Prime minister Rishi Sunak's announcement today (20 September) on postponing the ban on the sale of new diesel and petrol cars to 2035 has been met with frustration and concern from across the logistics sector.

The RHA said the government had failed to lay out a clear plan, which it said was detrimental for the industry. The association added that it is seeking "urgent clarity" from government on what today’s announcement means for the future of HGVs. "Businesses looking to play their part on the road to net zero need certainty, not delays," it warned.

The RHA said the government needs to collaborate with industry to come up with a detailed plan that provides certainty for investment, drives innovation, and directs support "for those who want to do the right thing."

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ChargeUk, which represents the charging sector, condemned the PM's decision to row back on net zero targets.

It said that members of ChargeUK have committed over £6bn to roll out EV infrastructure in all parts of the UK at an "unprecedented" rate, which has seen a new public charging point going live every 20 minutes, creating sustainable jobs and supporting the switch to EVs as well as reducing emissions and improving air quality.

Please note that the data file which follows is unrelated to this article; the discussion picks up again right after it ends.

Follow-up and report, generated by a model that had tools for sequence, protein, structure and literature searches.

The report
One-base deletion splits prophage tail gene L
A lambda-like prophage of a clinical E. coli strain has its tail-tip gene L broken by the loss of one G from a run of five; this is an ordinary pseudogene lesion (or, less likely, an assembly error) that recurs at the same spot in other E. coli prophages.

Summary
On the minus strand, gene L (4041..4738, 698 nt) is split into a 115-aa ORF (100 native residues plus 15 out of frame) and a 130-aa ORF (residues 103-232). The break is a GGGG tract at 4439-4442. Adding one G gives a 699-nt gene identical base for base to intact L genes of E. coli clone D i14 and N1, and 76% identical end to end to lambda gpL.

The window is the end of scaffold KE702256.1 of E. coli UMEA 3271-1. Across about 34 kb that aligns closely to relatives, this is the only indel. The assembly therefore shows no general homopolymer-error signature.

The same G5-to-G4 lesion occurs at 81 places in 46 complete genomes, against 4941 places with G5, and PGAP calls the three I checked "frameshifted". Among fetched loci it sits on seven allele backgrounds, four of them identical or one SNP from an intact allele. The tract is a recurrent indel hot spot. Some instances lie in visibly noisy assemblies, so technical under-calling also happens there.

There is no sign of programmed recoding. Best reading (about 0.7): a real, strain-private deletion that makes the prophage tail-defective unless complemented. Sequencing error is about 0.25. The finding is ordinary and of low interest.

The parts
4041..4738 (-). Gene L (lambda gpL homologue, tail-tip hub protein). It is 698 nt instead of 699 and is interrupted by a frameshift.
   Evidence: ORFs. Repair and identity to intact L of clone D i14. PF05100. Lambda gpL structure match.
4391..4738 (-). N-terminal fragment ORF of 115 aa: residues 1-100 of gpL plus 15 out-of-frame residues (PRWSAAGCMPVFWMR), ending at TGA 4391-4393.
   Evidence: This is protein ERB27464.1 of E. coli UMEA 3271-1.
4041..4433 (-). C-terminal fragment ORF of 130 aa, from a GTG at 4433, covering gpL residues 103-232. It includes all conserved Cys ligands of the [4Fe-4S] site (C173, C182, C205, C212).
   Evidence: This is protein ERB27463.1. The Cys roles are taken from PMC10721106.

It stated: "For many years the UK has been a leader in the transition to the green economy of the future. Government policies have attracted investment to the UK and created well paid, high quality jobs."

It added: "Today’s extremely worrying news is not consistent with economic stability or confidence. It will compromise the entire industry, and place jobs and consumer and investor confidence at risk.

"More importantly, government will penalise individual drivers who are doing the right thing. More and more people are making the transition to electric vehicles, as they have been encouraged to do.

"They are entitled to expect government to keep its promises and continue to support the roll out of charging infrastructure across the UK.

Jon Lawes, MD Novuna Vehicle Solutions, one of the UK’s largest leasing companies, also raised concerns.

He said: "Any rollback in the long standing 2030 deadline sends out the wrong message to manufacturers and drivers, and threatens future investment in the UK’s battery supply and charging infrastructure, both critical to realising zero emissions mobility. We’ve come a long way and can’t lose sight of the ultimate goal to reduce carbon emissions.”